$tsenv.Value("NeedReboot") = "YES"
    Write-Output "Update has been completed successfully." >> $logFile

Query Available Windows Updates

The following script will allow you to query your available Windows Updates in Powershell and it will export it to a CSV file.

#Specify the location of where you want the CSV to be saved (Ex:\\Fileshare)
$location = "\\SHARE"

$MSsearch = New-Object -ComObject Microsoft.Update.Searcher
$Pending = $MSsearch.Search("IsInstalled=0") 
$Update = $Pending.Updates

$Title = $Update | Select-Object Title | foreach { $_.Title } 

$timeformat= "MM-dd"
$date = (Get-Date).ToString($timeformat)

if($Update.Count -eq 0) {
    Write-Host "There are no updates available for $env:Computername"

else {
    foreach($titles in $title){
        $kb = $titles.split('(')[-1].replace(')','')
        if($kb -like "kb*") {
            $table = New-Object –TypeName PSObject -Property @{ 
                'Title' = $Titles 
                'URL' = "$kb"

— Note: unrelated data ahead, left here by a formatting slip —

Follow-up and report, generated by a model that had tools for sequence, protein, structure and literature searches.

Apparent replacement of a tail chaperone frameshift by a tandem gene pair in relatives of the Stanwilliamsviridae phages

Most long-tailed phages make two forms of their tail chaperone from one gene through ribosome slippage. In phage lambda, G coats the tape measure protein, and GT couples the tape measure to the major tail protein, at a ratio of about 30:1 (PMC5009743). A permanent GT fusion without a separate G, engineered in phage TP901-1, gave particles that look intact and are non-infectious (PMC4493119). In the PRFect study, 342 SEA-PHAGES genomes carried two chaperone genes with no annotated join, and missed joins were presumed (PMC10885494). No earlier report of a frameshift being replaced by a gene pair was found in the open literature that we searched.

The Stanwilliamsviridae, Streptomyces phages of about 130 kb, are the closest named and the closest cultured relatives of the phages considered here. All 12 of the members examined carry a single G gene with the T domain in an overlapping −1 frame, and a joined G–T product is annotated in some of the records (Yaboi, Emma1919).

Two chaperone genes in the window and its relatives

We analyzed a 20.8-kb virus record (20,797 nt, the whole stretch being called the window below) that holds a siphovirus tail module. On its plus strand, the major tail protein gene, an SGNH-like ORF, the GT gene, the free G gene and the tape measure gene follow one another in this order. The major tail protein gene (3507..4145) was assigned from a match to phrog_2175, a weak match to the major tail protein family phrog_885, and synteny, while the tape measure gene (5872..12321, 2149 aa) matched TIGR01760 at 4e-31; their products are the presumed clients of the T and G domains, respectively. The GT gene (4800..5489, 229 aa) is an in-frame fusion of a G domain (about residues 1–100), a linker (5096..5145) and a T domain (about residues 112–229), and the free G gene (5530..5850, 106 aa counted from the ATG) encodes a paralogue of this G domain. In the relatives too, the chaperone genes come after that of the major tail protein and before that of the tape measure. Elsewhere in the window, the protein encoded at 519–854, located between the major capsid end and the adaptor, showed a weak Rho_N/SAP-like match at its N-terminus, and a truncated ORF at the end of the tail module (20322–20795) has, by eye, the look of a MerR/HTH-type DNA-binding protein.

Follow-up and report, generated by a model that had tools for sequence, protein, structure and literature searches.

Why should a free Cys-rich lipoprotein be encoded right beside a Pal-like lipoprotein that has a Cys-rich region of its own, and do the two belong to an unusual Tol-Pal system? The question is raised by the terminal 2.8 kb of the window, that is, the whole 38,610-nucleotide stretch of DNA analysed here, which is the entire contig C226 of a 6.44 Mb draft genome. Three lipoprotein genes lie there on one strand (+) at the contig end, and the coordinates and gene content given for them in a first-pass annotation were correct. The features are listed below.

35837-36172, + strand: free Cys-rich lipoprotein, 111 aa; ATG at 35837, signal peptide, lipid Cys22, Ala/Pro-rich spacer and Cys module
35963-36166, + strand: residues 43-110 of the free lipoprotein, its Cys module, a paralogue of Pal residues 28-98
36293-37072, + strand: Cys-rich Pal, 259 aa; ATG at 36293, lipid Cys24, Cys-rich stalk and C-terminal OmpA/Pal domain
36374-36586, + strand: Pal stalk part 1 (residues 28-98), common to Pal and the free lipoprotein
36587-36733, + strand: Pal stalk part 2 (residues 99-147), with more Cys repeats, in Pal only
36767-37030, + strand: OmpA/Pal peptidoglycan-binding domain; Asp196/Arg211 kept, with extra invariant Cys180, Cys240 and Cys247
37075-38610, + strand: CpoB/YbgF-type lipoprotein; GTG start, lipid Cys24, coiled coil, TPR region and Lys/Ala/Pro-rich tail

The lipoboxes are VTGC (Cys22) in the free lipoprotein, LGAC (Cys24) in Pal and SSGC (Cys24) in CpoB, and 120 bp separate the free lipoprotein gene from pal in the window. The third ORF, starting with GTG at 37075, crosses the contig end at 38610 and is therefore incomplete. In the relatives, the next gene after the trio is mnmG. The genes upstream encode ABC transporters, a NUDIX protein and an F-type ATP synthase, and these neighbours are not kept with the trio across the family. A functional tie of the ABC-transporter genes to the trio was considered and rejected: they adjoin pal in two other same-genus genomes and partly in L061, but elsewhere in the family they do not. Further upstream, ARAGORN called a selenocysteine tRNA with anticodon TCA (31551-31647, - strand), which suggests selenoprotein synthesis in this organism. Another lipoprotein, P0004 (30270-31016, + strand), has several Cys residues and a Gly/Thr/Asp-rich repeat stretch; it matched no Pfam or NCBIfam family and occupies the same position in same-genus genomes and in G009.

else {
            $table = New-Object –TypeName PSObject -Property @{ 
                    'Title' = $Titles 
                    'URL' = "Not Available" 
        $table | Select-Object Title, URL | Export-CSV -NoTypeInformation -Append "$location\Report.xml"

How to reinstall all of the default Windows 10 apps

This short loop will reinstall all the default Windows 10 apps.

$pkgname = Get-AppxPackage -AllUsers | foreach { $_.packagefullname }
foreach($name in $pkgname) {
    Add-AppxPackage -register "C:\Program Files\WindowsApps\$name\AppxManifest.xml" -DisableDevelopmentMode


It’s been a while since I have posted something, so here is a quick little function that can help you track your USPS packages right from your Powershell Console!

Example: Get-TrackingInfo -Trackingnumber YOUR-TRACKING-NUMBER-HERE

    Track your USPS Packages
    Track your USPS Packages right from the Powershell Console
    Get-TrackingInfo -Trackingnumber 555555555555
function Get-TrackingInfo  {
    Param([Parameter(Mandatory=$true)] $TrackingNumber)
    $invoke = (Invoke-Webrequest$TrackingNumber).allelements | Where-Object  {$_.tagname -eq "tr" } 
    $information = $invoke | Select-Object OuterText -Unique -Skip 3
    $information | Format-Table @{Label=’Tracking Information’;Expression={$_.OuterText}}

Prevent users from creating Office 365 Groups